After a consultation opened last March the WHO has stuck by its previous guidance that adults and children should reduce their daily intake of free sugars to less than 10 per cent of their total energy intake.
‘Free sugars’ are defined as those either added to food and drinks or those naturally present in honey, syrups, fruit juices and fruit juice concentrates, but not those in fresh fruit, vegetables and milk.
According to the WHO the average sugar intake among UK adults is around 16%-17% and around the world intake is generally much higher among children.
Action on Sugar had hoped for a lower limit than 10%, but was "disappointed" that the WHO issued only a conditional recommendation that sugar intake should be reduced to less than 5% to "provide additional health benefits".
The WHO said it issues conditional recommendations "when the quality of evidence may not be strong" and "stakeholder dialogue and consultations are needed before the recommendation is implemented as policy".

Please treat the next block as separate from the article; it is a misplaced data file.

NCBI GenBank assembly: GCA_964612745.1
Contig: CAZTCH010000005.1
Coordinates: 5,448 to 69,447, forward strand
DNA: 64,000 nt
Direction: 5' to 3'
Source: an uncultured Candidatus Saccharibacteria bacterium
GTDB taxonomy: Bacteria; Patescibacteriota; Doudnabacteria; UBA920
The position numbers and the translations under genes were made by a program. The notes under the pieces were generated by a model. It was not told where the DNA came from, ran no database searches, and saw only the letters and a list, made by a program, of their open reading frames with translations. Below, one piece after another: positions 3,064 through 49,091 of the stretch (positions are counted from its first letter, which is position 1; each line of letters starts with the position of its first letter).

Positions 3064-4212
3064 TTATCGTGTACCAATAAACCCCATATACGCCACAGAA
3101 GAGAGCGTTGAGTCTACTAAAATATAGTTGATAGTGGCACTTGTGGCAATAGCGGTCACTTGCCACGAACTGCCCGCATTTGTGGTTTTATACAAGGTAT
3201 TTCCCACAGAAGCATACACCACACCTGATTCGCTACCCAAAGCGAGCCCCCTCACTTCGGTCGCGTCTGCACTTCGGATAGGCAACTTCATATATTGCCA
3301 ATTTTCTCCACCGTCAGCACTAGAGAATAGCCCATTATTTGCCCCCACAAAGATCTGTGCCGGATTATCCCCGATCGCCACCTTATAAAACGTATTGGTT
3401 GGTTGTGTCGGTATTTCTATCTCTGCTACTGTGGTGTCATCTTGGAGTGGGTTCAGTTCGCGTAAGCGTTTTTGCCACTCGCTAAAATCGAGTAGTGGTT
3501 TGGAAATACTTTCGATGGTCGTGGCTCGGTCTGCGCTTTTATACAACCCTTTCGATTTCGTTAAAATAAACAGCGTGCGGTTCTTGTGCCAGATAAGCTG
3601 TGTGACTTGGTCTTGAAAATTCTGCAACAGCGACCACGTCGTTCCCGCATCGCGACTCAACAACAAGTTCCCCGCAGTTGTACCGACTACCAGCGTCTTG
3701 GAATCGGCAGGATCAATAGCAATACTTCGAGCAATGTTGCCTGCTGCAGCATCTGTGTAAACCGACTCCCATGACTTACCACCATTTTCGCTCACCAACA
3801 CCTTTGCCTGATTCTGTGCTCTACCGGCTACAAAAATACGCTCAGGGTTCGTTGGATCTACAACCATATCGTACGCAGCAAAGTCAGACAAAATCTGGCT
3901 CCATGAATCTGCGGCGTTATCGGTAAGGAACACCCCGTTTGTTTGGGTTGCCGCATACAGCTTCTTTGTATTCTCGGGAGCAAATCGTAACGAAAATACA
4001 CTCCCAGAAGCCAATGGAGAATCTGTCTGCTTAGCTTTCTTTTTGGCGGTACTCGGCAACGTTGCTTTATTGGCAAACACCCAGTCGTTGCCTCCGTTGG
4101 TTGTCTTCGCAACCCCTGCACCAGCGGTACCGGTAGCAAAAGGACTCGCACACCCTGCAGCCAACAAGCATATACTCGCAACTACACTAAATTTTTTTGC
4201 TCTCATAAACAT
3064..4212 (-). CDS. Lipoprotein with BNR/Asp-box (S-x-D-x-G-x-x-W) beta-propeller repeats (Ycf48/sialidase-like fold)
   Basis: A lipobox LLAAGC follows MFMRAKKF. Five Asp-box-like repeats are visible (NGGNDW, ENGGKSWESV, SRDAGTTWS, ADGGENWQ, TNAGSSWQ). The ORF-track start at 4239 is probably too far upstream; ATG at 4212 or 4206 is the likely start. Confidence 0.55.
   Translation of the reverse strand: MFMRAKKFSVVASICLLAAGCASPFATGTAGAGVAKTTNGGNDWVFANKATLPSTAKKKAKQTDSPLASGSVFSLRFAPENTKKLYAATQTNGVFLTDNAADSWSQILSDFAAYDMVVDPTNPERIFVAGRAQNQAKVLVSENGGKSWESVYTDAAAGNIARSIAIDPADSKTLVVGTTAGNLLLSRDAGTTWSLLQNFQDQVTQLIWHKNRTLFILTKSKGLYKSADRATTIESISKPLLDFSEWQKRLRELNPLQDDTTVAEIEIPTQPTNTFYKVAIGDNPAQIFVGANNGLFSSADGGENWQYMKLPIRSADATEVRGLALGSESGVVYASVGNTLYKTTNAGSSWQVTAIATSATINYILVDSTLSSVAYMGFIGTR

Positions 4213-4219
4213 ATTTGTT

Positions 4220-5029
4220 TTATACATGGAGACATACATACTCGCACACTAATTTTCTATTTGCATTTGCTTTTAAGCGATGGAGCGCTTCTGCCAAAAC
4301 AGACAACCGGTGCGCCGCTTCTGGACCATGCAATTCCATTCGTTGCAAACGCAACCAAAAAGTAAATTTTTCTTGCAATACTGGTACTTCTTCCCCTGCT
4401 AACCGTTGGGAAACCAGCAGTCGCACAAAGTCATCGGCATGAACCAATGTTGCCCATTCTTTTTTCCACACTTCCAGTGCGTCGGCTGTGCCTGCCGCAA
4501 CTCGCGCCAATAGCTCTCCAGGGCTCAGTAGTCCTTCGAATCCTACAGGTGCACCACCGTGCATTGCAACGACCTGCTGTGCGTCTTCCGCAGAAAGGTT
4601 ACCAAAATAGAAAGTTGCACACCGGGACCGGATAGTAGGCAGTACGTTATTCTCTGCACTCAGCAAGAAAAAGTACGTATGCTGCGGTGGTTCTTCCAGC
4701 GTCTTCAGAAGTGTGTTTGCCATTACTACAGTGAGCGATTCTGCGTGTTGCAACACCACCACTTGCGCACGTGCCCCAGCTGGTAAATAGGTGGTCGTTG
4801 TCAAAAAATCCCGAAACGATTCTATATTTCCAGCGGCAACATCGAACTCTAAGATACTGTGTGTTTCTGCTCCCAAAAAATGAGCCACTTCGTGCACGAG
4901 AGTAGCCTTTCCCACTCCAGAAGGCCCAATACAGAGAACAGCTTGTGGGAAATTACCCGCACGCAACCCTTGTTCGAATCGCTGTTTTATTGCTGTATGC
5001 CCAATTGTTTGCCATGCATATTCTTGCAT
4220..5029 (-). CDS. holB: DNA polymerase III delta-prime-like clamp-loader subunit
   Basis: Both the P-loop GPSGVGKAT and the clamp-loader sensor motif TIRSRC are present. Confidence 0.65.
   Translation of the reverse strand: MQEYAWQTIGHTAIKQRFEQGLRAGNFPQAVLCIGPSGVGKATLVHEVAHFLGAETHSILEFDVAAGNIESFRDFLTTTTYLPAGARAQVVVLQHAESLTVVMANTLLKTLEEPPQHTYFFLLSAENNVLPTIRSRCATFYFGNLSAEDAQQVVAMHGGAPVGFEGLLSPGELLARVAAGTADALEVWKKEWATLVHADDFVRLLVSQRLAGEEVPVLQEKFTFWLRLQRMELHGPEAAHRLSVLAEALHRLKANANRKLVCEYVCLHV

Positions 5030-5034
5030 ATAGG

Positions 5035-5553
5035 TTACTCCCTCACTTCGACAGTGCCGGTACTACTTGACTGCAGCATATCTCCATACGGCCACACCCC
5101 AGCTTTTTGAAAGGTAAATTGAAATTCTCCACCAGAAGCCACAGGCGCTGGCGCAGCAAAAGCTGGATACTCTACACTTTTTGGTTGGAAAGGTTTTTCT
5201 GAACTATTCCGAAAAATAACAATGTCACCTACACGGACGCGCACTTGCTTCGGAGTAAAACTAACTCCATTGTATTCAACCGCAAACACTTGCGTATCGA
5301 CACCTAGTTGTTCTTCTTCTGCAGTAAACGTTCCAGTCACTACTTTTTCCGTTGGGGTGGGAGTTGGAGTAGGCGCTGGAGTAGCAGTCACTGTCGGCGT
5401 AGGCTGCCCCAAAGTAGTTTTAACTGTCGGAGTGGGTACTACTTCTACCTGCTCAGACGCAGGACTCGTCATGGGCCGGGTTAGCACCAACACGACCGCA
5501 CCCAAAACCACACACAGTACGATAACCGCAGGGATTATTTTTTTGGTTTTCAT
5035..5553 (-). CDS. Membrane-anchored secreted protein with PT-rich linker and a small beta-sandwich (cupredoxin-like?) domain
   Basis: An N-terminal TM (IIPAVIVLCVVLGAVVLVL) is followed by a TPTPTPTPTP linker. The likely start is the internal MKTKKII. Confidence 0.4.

"We have solid evidence that keeping intake of free sugars to less than 10% of total energy intake reduces the risk of overweight, obesity and tooth decay," said Dr Francesco Branca, Director of WHO’s Department of Nutrition for Health and Development.
"Making policy changes to support this will be key if countries are to live up to their commitments to reduce the burden of noncommunicable diseases."
The UK public are currently being advised by the Government to swap sugary products for healthier options via a £2.6m campaign under the umbrella of the Change4Life healthy living drive. The ads explain what type of foods to avoid but do not recommend any specific limit on intake.